Some hackles were raised Friday morning at the Claremont Pooch Park.
Claremont City Councilmember Jed Leano arrived at College Park with his dogs, Blue and Sally, only to be informed by a film crew with the Burbank-based production company Shot Glass that the park was closed for filming.
Mr. Leano protested that the College Park, including the Pooch Park, were indeed open and that he and other citizens had the right to bring their dogs there.
“That is when he told me that they had an aggressive dog and it was not safe.” Mr. Leano said. “I told them to get the dog out of a public park.”
Shot Glass did indeed have a filming permit but it was exclusively for the south parking lot and not for the entire park. Eric Jackson, the film’s director, said that they were making a commercial for a client’s social media presence.
“A film crew had been standing at the entrance to the Pooch Park telling residents that the park was closed for filming. The park is not closed. I (kindly) instructed the crew they were not to turn anyone—human or canine—away,” Mr. Leano posted via social media.
“It was all a misunderstanding,” Mr. Jackson said. “We thought we had a permit for the whole park.” He said that an extra had brought a German shepherd, but it was too aggressive so he asked the dog’s owner to take it home. He also said that Mr. Leano was the only one who was upset.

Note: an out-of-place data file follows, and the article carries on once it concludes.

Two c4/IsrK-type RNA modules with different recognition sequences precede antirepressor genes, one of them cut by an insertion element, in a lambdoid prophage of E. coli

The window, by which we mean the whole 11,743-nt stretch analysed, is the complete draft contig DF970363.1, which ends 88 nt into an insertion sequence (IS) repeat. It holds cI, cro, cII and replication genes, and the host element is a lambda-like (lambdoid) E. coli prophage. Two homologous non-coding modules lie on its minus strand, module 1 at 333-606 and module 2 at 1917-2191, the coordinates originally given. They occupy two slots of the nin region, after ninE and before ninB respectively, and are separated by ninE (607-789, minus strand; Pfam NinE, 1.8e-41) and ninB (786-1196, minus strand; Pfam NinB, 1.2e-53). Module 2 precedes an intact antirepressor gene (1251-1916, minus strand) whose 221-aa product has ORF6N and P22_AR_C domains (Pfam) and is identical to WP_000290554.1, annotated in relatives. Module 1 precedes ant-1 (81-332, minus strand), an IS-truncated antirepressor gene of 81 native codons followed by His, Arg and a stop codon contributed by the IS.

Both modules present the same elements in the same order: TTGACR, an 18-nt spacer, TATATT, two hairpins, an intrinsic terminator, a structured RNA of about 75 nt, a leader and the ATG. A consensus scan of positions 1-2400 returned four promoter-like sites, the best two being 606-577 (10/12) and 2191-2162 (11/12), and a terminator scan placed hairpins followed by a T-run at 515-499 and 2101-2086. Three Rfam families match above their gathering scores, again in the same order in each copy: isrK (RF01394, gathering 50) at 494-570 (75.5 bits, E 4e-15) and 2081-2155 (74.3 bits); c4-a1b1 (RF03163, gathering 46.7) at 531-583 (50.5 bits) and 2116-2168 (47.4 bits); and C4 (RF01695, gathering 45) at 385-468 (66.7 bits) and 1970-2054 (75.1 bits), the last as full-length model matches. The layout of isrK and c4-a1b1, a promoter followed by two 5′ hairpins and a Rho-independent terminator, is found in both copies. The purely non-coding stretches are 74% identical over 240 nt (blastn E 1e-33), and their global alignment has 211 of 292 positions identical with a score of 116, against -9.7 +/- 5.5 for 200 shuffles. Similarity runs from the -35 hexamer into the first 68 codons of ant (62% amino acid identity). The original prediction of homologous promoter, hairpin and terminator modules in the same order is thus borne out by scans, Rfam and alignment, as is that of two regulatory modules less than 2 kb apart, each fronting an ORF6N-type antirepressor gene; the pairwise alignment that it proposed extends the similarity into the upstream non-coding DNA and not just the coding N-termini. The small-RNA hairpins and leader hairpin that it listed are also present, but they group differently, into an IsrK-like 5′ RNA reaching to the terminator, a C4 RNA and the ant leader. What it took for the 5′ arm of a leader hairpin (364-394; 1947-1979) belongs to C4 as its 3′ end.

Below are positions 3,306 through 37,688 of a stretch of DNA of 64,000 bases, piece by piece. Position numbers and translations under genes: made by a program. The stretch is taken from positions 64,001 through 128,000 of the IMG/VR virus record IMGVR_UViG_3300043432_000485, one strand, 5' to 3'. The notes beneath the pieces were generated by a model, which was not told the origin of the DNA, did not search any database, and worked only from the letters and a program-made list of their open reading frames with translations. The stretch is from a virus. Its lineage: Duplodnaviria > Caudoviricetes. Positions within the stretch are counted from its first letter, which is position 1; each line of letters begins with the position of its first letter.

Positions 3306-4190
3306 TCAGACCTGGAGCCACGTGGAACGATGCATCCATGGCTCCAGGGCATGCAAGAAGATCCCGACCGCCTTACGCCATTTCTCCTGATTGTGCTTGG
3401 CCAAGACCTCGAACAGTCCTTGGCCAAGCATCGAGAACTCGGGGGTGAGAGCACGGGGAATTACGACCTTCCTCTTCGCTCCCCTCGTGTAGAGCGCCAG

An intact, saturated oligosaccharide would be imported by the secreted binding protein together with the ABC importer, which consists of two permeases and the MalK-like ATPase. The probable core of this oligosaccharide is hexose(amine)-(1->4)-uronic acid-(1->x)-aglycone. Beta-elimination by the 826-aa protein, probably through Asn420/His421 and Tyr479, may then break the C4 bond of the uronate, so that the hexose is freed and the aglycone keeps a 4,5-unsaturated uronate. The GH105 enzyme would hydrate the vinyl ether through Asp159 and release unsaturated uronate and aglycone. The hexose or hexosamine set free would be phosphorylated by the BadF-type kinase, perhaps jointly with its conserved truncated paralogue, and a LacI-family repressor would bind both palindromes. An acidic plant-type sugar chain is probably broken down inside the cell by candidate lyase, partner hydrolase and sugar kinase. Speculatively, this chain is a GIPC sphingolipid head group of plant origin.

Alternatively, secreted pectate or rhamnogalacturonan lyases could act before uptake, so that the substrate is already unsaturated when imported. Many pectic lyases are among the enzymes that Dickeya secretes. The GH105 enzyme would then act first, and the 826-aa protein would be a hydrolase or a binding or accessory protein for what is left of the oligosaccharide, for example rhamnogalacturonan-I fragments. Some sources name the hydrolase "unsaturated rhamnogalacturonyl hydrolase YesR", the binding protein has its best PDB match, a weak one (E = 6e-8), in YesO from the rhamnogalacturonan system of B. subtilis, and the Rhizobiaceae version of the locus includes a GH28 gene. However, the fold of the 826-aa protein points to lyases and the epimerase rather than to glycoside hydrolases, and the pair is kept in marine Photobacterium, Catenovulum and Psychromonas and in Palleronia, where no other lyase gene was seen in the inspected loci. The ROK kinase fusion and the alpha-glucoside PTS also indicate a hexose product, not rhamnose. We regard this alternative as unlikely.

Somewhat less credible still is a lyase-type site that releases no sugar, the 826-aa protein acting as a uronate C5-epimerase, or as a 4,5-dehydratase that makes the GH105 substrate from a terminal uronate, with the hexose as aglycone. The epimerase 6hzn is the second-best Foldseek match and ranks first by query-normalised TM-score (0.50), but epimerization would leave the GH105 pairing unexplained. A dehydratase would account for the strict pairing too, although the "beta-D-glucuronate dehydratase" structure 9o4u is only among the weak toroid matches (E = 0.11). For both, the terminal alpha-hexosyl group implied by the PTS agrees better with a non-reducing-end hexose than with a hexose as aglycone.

However, Mr. Leano refutes that, claiming that an email from the city clearly stated that the film crew had a permit for the south lot only. A sign with the city of Claremont’s logo and the human services department phone number posted at the parking lot entrance clearly stated that the south-west lot was closed, but north west area and east parking will remain open.
“There was no misunderstanding, they [film crew] were told that the park was open [to the public],” Mr. Leano said.
Because the incident happened early in the morning, many dog owners were turned away during the only cool hours of the day, which is a problem since the forecast on Friday was for temperatures in the upper nineties.
Just after 10 a.m. things appeared to be back to normal with the Shot Glass crew taking a break from their filming schedule while a handful of dogs and their human companions enjoying the park. Still Mr. Leano was not happy that people had been excluded from a public space in Claremont.
“The real tragedy is how many people came and left,” Mr. Leano said. “For Claremont dog owners this is the only time they can use the park.”